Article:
The actual shooting had started with a strange hiccup at the very onset. Beaming with joy and happiness that their vegetable garden was being photographed by an ‘offisar Sir’ from Kolkata, Laxmi and the other members of her SHG had arrived dressed in their finest. My plans to take some shots showing the women working in the field went for a toss! Their husbands and sons too were very happy and arrived singing songs and beating their huge dhamsas and maadols – they too wanted their photos! It required all my powers of persuasion to convince them of the incongruity of showing men dancing in a vegetable garden! The women as expected were very diffident in speaking in front of the camera but after a little while they opened up and talked how that little patch of land had done them a world of good during the winter season when many in the Santhal community could barely manage to have one proper meal a day. I also managed to take a wide variety of shots of the garden and its many plants. At sundown the shoot was over. As we were packing up, the men and women requested us to join the party that had been organised in celebration of the shooting. It was an offer I couldn’t refuse!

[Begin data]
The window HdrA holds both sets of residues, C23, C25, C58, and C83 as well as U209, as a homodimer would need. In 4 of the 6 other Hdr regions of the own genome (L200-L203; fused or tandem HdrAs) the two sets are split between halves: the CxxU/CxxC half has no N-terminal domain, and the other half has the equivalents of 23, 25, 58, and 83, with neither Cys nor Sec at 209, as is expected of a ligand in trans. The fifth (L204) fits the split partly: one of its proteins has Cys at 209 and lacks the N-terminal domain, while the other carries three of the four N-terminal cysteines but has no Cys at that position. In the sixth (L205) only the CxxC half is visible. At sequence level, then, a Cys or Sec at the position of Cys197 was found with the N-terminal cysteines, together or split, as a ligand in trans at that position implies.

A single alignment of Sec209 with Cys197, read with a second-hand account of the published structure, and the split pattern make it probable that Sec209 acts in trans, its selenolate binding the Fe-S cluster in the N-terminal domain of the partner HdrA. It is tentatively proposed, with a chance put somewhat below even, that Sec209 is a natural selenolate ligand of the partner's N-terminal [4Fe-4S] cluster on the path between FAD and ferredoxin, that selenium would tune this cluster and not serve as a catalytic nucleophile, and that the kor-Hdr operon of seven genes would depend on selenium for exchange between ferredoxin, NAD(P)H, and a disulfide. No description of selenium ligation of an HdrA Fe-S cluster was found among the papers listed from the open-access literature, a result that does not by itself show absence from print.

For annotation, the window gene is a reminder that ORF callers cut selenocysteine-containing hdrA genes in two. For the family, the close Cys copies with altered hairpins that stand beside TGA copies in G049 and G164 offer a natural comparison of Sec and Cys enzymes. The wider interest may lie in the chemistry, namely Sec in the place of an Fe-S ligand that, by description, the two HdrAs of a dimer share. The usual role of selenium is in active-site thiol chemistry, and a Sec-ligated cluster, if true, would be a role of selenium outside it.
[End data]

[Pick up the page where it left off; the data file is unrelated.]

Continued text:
Lily and others made their request an hour into the party after a few bottles of fresh haadiya and spicy pork chaat had been consumed accompanied by songs and maadol drums. I was surprised,” How could that be possible? A TV is needed for you all to see the footage. There’s no electricity here!”  “But there is a tiny TV attached to your camera!” Laxmi Soren said, “Yes! We can see the photos in that TV.”  “But that is too small. Can you all manage?” I queried. “Yes we can!” pat came the reply in chorus. The men and women jostled around the camera monitor and thus began this strange screening. Every shot was greeted with hoops of joy and applause… “That’s my papaya tree!”… “Oh! How beautiful my lemons look!”… “What a large chilli! That must be mine”… “Oh no! Those chillies are mine”… I was stunned by these statements and reactions. The women were able to identify their own vegetables from images which looked nothing more than series of featureless close-ups to me and my crew!  So great was their joy and enthusiasm that when the first cassette was over it had to be screened once more for the benefit of those who had missed a proper look due to the miniscule size of the camera monitor. This time too the rushes were greeted with delight… The party and screening got over late in the night and we left promising to send a copy of the film as soon it got completed…